On 15 September 2010, the European Court of Justice ("ECJ") published an order (dated 31 August 2010) with regard to an appeal by Artisjus Magyar Szerzöi Jogvédö Iroda Egyesület ("Artijus"), the Hungarian collecting society, against a decision of the General Court not to award interim measures with regard to Artisjus' appeal against the CISAC infringement decision. Artisjus had sought to have the operative part of the CISAC decision suspended pending the outcome of its appeal.
By way of reminder, the CISAC decision was a 2008 decision by the European Commission that the collecting societies that were members of CISAC had infringed Article 101(1) of the Treaty of the functioning of the European Union ("TFEU") by virtue of engaging in various anti-competitive reciprocal agreements. The majority of the affected collecting societies have lodged appeals against that decision.
Artisjus, and others, also applied for interim measures to suspend certain operative parts of the decision, including the obligation to take particular remedial steps. The General Court refused the application on the basis that interim measures were not required to prevent serious and irreparable damage. Artisjus appealed that decision to the ECJ, arguing that the General Court had breached the rules of procedure and/or misinterpreted the principle of urgency.
The ECJ, however, rejected Artisjus appeal on both grounds. With regard to the alleged breach of procedure, the ECJ found that the General Court had not inappropriately failed to cover an essential argument as put forward by Artisjus, namely that amending the reciprocal agreements as required by the remedial obligations would cause serious and irreparable damage as those changes would be virtually impossible to reverse should the Commission's decision be annulled. The ECJ considered that as long as the General Court's decision is reasoned and justifiable in the circumstances of the case, it is not necessary for that decision to respond explicitly to all arguments made by the parties. In this situation, it was reasonable for this particular proposition to have been ignored given that it was based on unsupported assertions about the potential actions of third parties.
In relation to Artisjus' assertion that the urgency criterion had been misinterpreted, the ECJ found that there had been no error in law which could be reviewed by the ECJ. Instead Artisjus' complaint lay with the method of the General Court's assessment of the evidence placed before it, and the value which should be attributed to that evidence. As noted above, Artisjus' assertions about the likelihood of third parties being unwilling to re-amend the reciprocal agreements were not only unsupported, but it could not be demonstrated to the required degree of absolute certainty that serious and irreparable damage would result.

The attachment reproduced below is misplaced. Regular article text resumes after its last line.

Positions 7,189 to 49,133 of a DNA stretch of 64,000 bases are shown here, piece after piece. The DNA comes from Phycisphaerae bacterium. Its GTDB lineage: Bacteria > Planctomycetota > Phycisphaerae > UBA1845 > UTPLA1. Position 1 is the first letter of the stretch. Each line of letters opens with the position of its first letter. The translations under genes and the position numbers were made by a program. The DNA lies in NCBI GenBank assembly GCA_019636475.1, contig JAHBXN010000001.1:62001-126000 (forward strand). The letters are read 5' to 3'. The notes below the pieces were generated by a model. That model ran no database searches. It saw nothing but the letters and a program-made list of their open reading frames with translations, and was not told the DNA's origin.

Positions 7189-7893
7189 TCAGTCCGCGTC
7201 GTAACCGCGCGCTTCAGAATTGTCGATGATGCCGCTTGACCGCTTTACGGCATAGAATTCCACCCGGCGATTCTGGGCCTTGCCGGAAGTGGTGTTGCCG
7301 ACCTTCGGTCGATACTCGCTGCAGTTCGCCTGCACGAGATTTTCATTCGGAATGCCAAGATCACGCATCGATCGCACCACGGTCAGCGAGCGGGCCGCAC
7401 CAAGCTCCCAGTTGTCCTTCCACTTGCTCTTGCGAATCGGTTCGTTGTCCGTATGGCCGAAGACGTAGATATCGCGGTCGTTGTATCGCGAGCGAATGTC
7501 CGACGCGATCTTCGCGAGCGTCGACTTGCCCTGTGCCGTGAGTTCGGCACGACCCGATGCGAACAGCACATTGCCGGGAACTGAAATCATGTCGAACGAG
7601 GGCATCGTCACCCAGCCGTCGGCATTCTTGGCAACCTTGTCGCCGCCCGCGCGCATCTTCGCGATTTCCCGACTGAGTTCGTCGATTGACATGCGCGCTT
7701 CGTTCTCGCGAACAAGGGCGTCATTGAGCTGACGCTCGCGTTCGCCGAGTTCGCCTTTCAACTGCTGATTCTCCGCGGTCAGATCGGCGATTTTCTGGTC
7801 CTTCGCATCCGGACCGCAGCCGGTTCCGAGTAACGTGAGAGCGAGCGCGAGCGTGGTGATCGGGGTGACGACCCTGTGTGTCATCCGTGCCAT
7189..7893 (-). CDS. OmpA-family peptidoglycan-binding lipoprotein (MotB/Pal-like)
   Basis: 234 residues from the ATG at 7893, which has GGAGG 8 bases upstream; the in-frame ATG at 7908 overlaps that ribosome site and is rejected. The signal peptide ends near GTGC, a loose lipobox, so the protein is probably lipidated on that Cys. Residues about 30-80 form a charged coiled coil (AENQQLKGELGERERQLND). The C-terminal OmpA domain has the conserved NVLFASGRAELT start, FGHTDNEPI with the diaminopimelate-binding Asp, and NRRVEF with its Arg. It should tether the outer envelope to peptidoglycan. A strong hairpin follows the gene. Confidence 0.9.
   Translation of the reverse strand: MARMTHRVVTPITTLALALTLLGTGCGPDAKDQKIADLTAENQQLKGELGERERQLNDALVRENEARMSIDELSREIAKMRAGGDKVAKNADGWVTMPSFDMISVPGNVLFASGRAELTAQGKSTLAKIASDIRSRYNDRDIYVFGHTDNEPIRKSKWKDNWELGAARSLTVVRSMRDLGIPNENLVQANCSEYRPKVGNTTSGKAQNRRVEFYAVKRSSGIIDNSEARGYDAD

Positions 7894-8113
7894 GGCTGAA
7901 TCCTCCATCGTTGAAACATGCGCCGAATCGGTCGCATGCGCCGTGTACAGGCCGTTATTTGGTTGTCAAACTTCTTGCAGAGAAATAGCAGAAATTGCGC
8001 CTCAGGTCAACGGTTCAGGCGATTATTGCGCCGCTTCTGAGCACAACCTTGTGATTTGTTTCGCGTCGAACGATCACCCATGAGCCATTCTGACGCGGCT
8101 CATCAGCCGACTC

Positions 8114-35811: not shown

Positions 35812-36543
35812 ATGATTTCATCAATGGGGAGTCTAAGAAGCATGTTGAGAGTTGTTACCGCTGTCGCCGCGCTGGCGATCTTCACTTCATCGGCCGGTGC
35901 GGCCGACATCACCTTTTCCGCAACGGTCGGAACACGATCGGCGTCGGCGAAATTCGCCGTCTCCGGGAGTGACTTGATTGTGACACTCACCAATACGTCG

This decision means that despite the pending appeal against the CISAC decision, the collecting societies must complete their amendments to the reciprocal agreements or risk the consequences of non-compliance with the Commission's order. It is hard, however, not to feel some sympathy for the smaller collecting societies, such as Artisjus. In the ever-evolving framework for copyright management in the EU, and the continued efforts to increase the degree of competition, it is Artisjus and its type that are destined to be the losers in the scramble to secure the lucrative arrangements with the major publishers. For all the stated good intentions to continue to support national music, it is inevitable that this commitment will erode when the collecting societies’ other sources of income dry up. Ultimately, it all comes back to the fundamental question of how the pursuit of full and free competition can be reconciled in a market where social and cultural factors pull in the opposite direction, and the need to protect those responsible for the existence of the industry - the composers and authors - can often be overlooked in favour of the larger commercial interests that have the wherewithal to shout the loudest.